Shame begins in childhood. Brene says that shame is still the single most used discipline technique among parents and teachers, across all the economic classes of our culture. She reports that whether you attended the highest socio-economic school or whether you grew up in the lowest poverty stricken area, shame was still the most common discipline used to control children.

Overcoming Shame

Overcoming shame brings us back to vulnerability. We have to be willing to be vulnerable in order to overcome our shame. Too often, people stay stuck in their feelings of shame for a lifetime, because of their fear of being emotionally vulnerable.

Dr. Brene Brown’s exciting research provides new hope for overcoming your shame. She says that shame cannot survive in the presence of empathy. She also says that when you expose shame to an empathetic person, it dissolves and releases.

The problem, of course, is finding that empathetic person whom you can trust to expose the deepest secrets of your heart. It can be scary to risk that you will be shamed again for exposing who you really are.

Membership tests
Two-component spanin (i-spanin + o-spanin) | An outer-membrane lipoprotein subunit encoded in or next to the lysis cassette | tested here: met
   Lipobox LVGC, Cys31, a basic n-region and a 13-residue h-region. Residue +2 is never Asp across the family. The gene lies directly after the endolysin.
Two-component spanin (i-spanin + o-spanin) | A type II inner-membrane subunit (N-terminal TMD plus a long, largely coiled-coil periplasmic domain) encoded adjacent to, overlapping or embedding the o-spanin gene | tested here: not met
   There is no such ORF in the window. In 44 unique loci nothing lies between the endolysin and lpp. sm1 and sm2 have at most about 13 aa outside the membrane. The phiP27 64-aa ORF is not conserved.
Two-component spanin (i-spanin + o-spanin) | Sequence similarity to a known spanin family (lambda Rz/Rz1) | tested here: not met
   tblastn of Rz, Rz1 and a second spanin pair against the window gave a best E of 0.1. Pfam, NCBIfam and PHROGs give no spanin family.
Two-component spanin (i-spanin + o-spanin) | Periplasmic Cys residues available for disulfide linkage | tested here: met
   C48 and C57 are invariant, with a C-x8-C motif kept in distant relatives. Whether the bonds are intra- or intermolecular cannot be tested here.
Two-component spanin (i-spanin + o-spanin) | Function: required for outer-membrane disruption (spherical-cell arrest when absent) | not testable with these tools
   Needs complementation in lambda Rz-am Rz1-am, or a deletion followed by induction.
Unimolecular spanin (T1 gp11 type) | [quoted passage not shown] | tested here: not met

Dr. Brene Brown said on the Oprah Special that you shouldn’t trust someone until they have earned your trust. Oprah agreed with Brene and quoted a Biblical verse that says, “Don’t cast your pearls to swine.”

Finding a Safe Place to Heal

If you have tried being vulnerable in the past and you’ve been hurt by unkind people, please don’t assume that everyone you trust will be untrustworthy. As the awareness for emotional healing grows in our culture, more and more people are beginning to value emotional openness. People who are emotionally vulnerable themselves will honor their friends who are also open and vulnerable.

If it’s scary for you to trust anyone, you can always begin by going to a counselor or psychotherapist. Remember that counselors are bound by the laws that protect your confidentiality. Legally, they cannot hurt you by telling others about what you have said or done.

When you practice sharing your emotional vulnerability in a safe place, then it becomes easier to venture out and find other people you can trust. Make it your goal to find one friend who is trustworthy and committed to their own emotional healing. When you find that one supportive friend, your entire life can begin to change!

Share it with Your Friends and Family

Please do feel free to share this with your family and friends. I’d love to see as many people as possible transform their lives, so that we can all work together to create a better world for everyone!

Leave a Comment or a Question

I’d love to hear your comments and questions. What would you like to hear more about?

Are you afraid to be vulnerable? Have you felt trapped by the shame in your life? What have you done to overcome it?